Amid scuttlebutt about persistent financial problems, Eclipse Aviation founder and CEO Vern Raburn (left, in photo) stepped down today and company chairman Roel Pieper (right), a Dutch IT entrepreneur, became acting CEO, effective this morning. He had been serving as the non-executive chairman of Eclipse since early this year, when Etirc's investment of $100 million gave it a minority stake in the company. The leadership change announced today was required under the “terms of the commitment and agreements” for a new round of financing for the Albuquerque, N.M.-based very light jet manufacturer. The amount of the new funding was not disclosed. In a letter to employees, Raburn said, “As you can imagine, this development came as quite a surprise to me and it saddens me more than I can tell you to have to leave Eclipse. I think you know that I am no quitter. But I have not had any choice but to accept the terms of an agreement that provides Eclipse the first funds in a new round of financing that will take the company to a cash-flow-positive position.” Pieper praised Raburn for his efforts in starting the company and delivering 230 Eclipse 500s since the airplane received certification two years ago, and said, “It is now time to take the company to the next level of growth and operational excellence and this is what the board has tasked me to do. I will work toward this goal in the coming period.”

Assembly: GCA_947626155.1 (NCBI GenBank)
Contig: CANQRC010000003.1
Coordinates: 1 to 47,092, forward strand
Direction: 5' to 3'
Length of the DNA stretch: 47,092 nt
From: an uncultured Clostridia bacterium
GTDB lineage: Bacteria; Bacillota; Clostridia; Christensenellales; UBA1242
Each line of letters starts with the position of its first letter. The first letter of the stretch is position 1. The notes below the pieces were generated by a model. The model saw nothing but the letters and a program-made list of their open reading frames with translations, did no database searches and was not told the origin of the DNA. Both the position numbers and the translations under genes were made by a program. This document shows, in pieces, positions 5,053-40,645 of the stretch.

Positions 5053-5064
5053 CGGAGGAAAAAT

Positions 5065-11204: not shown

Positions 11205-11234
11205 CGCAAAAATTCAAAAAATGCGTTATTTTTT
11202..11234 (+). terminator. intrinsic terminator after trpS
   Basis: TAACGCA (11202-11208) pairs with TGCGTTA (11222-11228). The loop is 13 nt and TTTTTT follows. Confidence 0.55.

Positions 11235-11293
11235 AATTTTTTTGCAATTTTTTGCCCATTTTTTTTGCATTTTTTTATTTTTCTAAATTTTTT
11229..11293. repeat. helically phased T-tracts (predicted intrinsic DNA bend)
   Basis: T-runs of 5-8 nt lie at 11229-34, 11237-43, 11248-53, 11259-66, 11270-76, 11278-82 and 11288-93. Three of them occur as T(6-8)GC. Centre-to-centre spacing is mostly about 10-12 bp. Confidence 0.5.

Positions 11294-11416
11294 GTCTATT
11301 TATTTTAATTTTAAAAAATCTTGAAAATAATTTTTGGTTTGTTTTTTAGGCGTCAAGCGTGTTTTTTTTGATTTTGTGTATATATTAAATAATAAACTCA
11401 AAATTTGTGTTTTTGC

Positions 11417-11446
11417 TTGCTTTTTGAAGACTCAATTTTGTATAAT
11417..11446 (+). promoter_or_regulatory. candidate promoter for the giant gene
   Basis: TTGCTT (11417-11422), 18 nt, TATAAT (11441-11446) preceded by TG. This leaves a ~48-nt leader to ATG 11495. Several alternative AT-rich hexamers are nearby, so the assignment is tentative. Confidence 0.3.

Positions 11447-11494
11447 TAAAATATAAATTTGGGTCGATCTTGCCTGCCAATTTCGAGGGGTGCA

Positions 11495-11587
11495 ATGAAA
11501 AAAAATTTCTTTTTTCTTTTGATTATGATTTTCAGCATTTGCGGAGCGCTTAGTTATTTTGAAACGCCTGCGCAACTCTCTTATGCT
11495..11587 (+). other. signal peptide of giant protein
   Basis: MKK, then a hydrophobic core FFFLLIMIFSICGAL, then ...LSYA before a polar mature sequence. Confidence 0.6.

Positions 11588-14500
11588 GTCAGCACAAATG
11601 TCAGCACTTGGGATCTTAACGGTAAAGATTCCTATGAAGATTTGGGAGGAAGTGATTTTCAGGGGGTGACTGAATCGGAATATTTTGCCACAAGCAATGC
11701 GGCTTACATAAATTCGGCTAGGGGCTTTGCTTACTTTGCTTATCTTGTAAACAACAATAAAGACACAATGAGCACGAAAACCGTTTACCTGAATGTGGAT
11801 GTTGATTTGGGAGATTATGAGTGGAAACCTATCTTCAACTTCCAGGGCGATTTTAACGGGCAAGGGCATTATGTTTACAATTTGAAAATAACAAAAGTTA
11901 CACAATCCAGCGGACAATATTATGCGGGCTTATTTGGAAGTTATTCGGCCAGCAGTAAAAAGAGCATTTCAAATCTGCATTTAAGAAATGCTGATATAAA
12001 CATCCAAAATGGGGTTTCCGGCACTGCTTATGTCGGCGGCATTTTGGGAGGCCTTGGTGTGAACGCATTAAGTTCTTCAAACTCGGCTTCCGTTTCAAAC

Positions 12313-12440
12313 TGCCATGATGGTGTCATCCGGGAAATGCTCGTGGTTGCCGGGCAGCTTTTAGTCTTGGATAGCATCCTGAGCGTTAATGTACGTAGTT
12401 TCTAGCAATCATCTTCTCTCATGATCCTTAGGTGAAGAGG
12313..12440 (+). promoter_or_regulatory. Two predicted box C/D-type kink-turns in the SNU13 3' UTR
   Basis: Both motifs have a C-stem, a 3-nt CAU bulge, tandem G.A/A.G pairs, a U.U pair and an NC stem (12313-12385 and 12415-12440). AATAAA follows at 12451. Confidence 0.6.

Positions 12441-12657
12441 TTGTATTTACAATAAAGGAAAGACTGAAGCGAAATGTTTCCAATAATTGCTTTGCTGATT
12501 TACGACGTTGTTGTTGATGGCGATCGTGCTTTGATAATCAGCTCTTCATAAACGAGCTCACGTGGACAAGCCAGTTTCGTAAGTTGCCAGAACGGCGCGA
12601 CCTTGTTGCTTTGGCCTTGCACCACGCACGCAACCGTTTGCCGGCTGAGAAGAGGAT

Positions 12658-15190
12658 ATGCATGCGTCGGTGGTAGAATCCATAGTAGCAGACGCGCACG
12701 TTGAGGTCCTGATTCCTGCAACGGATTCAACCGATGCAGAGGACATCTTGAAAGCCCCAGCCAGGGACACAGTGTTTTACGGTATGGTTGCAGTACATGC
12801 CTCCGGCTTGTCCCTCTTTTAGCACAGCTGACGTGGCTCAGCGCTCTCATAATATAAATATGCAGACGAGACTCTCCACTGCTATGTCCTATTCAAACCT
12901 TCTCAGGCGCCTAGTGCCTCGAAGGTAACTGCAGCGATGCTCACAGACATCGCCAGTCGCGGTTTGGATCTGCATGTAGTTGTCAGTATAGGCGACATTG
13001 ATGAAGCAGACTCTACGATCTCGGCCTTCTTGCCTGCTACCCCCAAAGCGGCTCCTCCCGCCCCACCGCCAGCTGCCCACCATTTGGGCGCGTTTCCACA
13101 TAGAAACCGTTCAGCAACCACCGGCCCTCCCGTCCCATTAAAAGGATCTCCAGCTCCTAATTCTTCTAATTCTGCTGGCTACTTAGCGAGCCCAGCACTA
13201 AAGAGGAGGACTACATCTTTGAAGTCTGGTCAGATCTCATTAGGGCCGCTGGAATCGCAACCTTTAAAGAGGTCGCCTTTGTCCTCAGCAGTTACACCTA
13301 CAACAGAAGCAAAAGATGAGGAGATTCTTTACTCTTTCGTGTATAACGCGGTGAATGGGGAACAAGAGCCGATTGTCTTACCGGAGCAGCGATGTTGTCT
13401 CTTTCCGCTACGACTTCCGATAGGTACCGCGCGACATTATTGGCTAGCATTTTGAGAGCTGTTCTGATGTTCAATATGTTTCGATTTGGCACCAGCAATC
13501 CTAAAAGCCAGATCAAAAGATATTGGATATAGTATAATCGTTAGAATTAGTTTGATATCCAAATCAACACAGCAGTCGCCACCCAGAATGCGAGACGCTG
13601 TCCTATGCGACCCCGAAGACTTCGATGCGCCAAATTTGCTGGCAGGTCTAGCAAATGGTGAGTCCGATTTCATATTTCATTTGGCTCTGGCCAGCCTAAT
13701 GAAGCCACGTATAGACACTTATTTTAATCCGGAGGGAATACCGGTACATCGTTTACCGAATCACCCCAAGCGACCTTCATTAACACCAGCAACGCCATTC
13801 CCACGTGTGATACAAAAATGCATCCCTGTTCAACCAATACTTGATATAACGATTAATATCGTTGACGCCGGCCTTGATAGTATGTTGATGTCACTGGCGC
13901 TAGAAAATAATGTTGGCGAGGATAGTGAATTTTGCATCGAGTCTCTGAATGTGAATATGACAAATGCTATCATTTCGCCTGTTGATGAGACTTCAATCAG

Pieper told AIN that the Eclipse order book hasn’t changed and “will continue to grow.” In the next few days, he added, Eclipse will roll out a payment schedule to take care of suppliers and deposit holders who have canceled their orders and asked for refunds. Raburn will continue to provide counsel to Pieper and will assume the vice chairman role at Pieper’s Etirc Aviation to assist in the global expansion of the Eclipse 500. Raburn remains proud of Eclipse’s accomplishments, including nearly 30,000 fleet hours flown to date without an accident and delivering twice as many VLJs as Cessna since both the Citation Mustang and Eclipse 500 were certified. (Both airplanes were certified in September 2006.)
As Eclipse continues to grow, Raburn said debt investors “will be paid off,” and equity investors will receive a return on their investments when the company goes public. Raburn still holds some equity in Eclipse, but other than his involvement with Etirc he will not be involved with the company he launched 11 years ago. As for his plans, Raburn said, “I don’t have the foggiest idea.” He left Oshkosh this morning to go fly-fishing in Idaho.